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CAPTAIN AMERICA: THE WINTER SOLDIER (director: Anthony and Joe Russo; screenwriters: Christopher Markus/ Stephen McFeely/based on the comic book series; cinematographer: Trent Opaloch; editors: Jeffrey Ford/Matthew Schmidt; music: Henry Jackman; cast: Chris Evans (Steve Rogers/Captain America), Scarlett Johansson (Natasha Romanoff/Black Widow), Sebastian Stan (Bucky Barnes/Winter Soldier), Anthony Mackie (Sam Wilson/Falcon), Cobie Smulders (Agent Maria Hill), Frank Grillo (Brock Rumlow), Hayley Atwell (Peggy Carter), Toby Jones (Dr. Arnim Zola), Georges St-Pierre (Batroc), Robert Redford (Alexander Pierce), Samuel L. Jackson (Nick Fury); Runtime: 136; MPAA Rating: PG-13; producer: Kevin Feige; Marvel Studios and Walt Disney Pictures; 2014)
Comic book superheroes never seem to go out of fashion, even the spandex-clad, mild-mannered, good character, patriot, old-fashioned kind like Captain America.

Reviewed by Dennis Schwartz

Comic book superheroes never seem to go out of fashion, even the spandex-clad, mild-mannered, good character, patriot, old-fashioned kind like Captain America–someone decent who is tough enough and committed to go after the bad guys, someone trustworthy that America needs in this cynical and corrupting age we live in. The Captain America character was created by Marvel back in 1941. This popcorn summer blockbuster action-pic should give the adult kiddies in the theater the requisite comic book thrills and its convoluted story, based on the Marvel Comic Book series, is sharply written but over-plotted by Christopher Markus and Stephen McFeely. It offers enough attention to hot-button issues like drone warfare and Big Brother satellite spy surveillance systems, that will make it relevant for today’s viewer. It also smartly blends in a 1970s paranoid thriller story ‘to trust no one’ (referring back to the Nixon era, in the 1970s, when Watergate and paranoia thrillers were in vogue). It gives us an acceptable grown-up story to go with the usual comic book talk, pyrotechnics, car chases, gratuitous violence and over-the-top fight scenes in such action pics.

The brothers Anthony and Joe Russo(“Welcome to Collinwood”/”You, Me and Dupree”/but are best known for TV sitcoms likeArrested Development & Community) do a fine job directing this franchise sequel that began with the OK version by Joe Johnston’s Captain America: The First Avenger (2011). This version has the bland nice-guy Steve Rogers (Chris Evans), the clean-cut skinny kid from Brooklyn, who volunteered in the original pic to fight the Nazis and then gets bulked up. Steve for 70 years, ever since 1945, is put on ice at the end of WWII until defrosted to become part of a special project run out of Washington, D. C. The confused principled lad tries to come to terms with all he missedduring his snooze, and during a jog around the Capitol sights, such as the Washington Monument, is befriended by Army paratrooper Sam Wilson (Anthony Mackie), a.k.a. the Falcon, who suggests Steve needs to listen to the Marvin Gaye soundtrack from Trouble Man to do some serious catching up musically. Steve’s cutesy to-do list in catch-up includes Thai food and learning about Steve Jobs. Meanwhile the gritty former KGB agent known as the Black Widow for hermartial arts skills, Natasha Romanoff (Scarlett Johansson), plays with the outdated squareness of Captain America and after sneaking in a kiss tells him he needs to do some catching up in his kissing skills. Natasha, who works for S.H.I.E.L.D., takes Captain America to the Indian Ocean on a mission to rescue the S.H.I.E.L.D. hostages from a ship taken by pirates.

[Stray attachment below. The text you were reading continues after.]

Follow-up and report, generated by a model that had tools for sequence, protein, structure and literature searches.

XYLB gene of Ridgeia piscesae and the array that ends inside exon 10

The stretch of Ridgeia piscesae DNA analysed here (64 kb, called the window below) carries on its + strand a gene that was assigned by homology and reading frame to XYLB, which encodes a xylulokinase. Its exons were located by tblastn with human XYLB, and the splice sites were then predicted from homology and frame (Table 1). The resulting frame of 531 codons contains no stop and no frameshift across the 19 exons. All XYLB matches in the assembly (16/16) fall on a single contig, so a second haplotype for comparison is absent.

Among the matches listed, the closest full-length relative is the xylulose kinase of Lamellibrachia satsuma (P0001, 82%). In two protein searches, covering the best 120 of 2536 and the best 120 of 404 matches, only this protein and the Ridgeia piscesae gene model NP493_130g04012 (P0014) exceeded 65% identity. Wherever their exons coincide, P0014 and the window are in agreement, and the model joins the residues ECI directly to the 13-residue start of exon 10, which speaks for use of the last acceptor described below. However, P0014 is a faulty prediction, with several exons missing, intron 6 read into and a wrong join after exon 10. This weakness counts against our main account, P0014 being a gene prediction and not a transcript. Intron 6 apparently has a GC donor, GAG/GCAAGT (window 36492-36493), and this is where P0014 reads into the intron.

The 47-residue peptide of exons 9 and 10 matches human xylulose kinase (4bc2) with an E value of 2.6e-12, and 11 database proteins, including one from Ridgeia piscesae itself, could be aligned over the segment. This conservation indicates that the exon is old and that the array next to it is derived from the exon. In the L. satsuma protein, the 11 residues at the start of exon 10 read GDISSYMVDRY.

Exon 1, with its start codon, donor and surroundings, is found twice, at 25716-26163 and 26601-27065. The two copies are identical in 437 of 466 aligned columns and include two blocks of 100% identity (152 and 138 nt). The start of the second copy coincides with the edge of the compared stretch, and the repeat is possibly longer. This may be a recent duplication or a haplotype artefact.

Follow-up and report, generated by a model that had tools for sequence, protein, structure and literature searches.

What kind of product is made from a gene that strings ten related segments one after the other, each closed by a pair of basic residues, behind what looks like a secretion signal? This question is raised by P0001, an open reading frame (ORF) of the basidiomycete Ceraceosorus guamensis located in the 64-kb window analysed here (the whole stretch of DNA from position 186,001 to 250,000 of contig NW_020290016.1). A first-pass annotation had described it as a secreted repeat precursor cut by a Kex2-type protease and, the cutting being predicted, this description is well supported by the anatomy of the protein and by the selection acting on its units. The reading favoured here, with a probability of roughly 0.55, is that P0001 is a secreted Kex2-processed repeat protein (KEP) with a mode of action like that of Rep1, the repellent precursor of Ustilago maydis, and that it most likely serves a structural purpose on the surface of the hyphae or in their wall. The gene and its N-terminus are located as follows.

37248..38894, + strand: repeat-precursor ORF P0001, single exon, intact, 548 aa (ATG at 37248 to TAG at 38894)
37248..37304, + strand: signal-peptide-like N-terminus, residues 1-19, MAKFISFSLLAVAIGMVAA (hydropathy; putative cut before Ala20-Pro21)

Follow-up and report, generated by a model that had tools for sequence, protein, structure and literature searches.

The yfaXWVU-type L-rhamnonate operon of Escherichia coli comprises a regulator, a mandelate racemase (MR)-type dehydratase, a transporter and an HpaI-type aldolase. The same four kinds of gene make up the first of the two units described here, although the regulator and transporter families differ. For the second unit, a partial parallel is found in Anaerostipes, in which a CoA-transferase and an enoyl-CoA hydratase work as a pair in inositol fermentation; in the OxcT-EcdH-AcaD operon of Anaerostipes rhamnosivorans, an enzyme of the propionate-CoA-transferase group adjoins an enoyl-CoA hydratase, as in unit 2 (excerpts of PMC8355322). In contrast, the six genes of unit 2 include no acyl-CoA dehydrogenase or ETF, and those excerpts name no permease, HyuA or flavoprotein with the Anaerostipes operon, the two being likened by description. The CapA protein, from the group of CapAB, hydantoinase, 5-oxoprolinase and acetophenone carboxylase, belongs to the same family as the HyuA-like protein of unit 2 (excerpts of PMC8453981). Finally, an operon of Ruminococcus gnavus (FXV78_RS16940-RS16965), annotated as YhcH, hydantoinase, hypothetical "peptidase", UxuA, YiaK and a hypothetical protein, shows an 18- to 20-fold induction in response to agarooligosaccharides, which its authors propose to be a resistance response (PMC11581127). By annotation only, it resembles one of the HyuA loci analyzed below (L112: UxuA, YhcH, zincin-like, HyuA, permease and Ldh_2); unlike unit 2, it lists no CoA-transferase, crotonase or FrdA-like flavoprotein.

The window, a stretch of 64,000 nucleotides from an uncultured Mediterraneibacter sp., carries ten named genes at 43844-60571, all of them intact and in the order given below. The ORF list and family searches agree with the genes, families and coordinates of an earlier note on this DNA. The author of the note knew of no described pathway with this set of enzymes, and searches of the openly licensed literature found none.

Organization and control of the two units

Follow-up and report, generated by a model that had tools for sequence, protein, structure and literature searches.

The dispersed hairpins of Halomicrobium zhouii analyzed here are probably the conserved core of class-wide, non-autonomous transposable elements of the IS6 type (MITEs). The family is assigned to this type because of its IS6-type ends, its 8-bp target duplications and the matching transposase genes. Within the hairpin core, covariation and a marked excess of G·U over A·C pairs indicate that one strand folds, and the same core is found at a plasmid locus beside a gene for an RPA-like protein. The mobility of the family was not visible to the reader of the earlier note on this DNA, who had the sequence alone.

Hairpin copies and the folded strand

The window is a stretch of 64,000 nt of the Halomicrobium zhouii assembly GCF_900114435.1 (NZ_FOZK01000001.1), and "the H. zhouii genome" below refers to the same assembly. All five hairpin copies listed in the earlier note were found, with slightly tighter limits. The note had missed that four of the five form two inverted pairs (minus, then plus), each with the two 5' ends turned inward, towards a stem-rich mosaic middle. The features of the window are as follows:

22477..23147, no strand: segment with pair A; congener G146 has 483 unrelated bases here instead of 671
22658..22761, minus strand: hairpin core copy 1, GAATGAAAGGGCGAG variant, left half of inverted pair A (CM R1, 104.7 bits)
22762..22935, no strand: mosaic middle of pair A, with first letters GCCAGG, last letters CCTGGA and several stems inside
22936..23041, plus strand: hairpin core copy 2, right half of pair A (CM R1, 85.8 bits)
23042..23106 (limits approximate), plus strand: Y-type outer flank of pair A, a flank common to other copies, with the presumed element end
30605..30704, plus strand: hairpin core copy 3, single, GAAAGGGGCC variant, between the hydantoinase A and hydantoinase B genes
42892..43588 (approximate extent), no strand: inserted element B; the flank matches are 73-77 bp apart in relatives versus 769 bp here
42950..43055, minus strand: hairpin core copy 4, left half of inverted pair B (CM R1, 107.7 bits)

Things get going for keeps when an attempt is made on the life of S.H.I.E.L.D.’s ruthless eye-patched head Nick Fury (Samuel L. Jackson), who is in Steve’s apartment and before the assassination has warned him ‘to trust no one.’ The mysterious metal-armed assassin is called the Winter Soldier (Sebastian Stan) and seems unstoppable. He brings back memories from the past, for Steve. When Captain America follows Nick’s advice and tells no one what he was told by his critically injured boss, he is forced to go on the run from S.H.I.E.L.D as a contract is put out on him by the conniving, jaded World Security Council leader of the spy organization, Alexander Pierce (Robert Redford), who is involved with a Nazi-like group called Hydra within his organization and thick conspiracies that have taken away basic freedoms from Americans under the guise of protecting the public, and a new top-secret launch called Project Insight (which uses drone-like helicarriers for both spying and pre-emptive attacks). Pierce orders the execution of Captain America so as not to compromise the amoral project, whose motto could be ‘might is right.’ Aided by Natasha and his jogger friend Sam, the good guys attract some more good guys and attempt to stop all the bad guys who have infiltrated S.H.I.E.L.D., and by the end you have massive carnage and a trillion dollar spy system destroyed. During the conflict you are only able to tell the good guys from the bad by who is shooting at the obvious good guys.

It’s still an action-pic lightweight comic book film, but it sometimes tries to do more, is well-executed, entertaining and not bad when compared with other such ventures into the genre. I particularly enjoyed Redford’s slimy performance, as he’s the efficient-seeming and smooth talking oily politician–a takeoff on the creepy, madman, smug war-monger and standard bearer for the military-industrialist complex, Donald Rumsfeld.

The overlong film would have benefited greatly by editing its many redundant and unimportant scenes, which merely load up on cartoon violence. I saw it in 3-D, which was over-used, and enjoyed about half of the flick. The long-take climax did nothing for me, except reassure me a sequel is in the works.


Dennis Schwartz: “Ozus’ World Movie Reviews”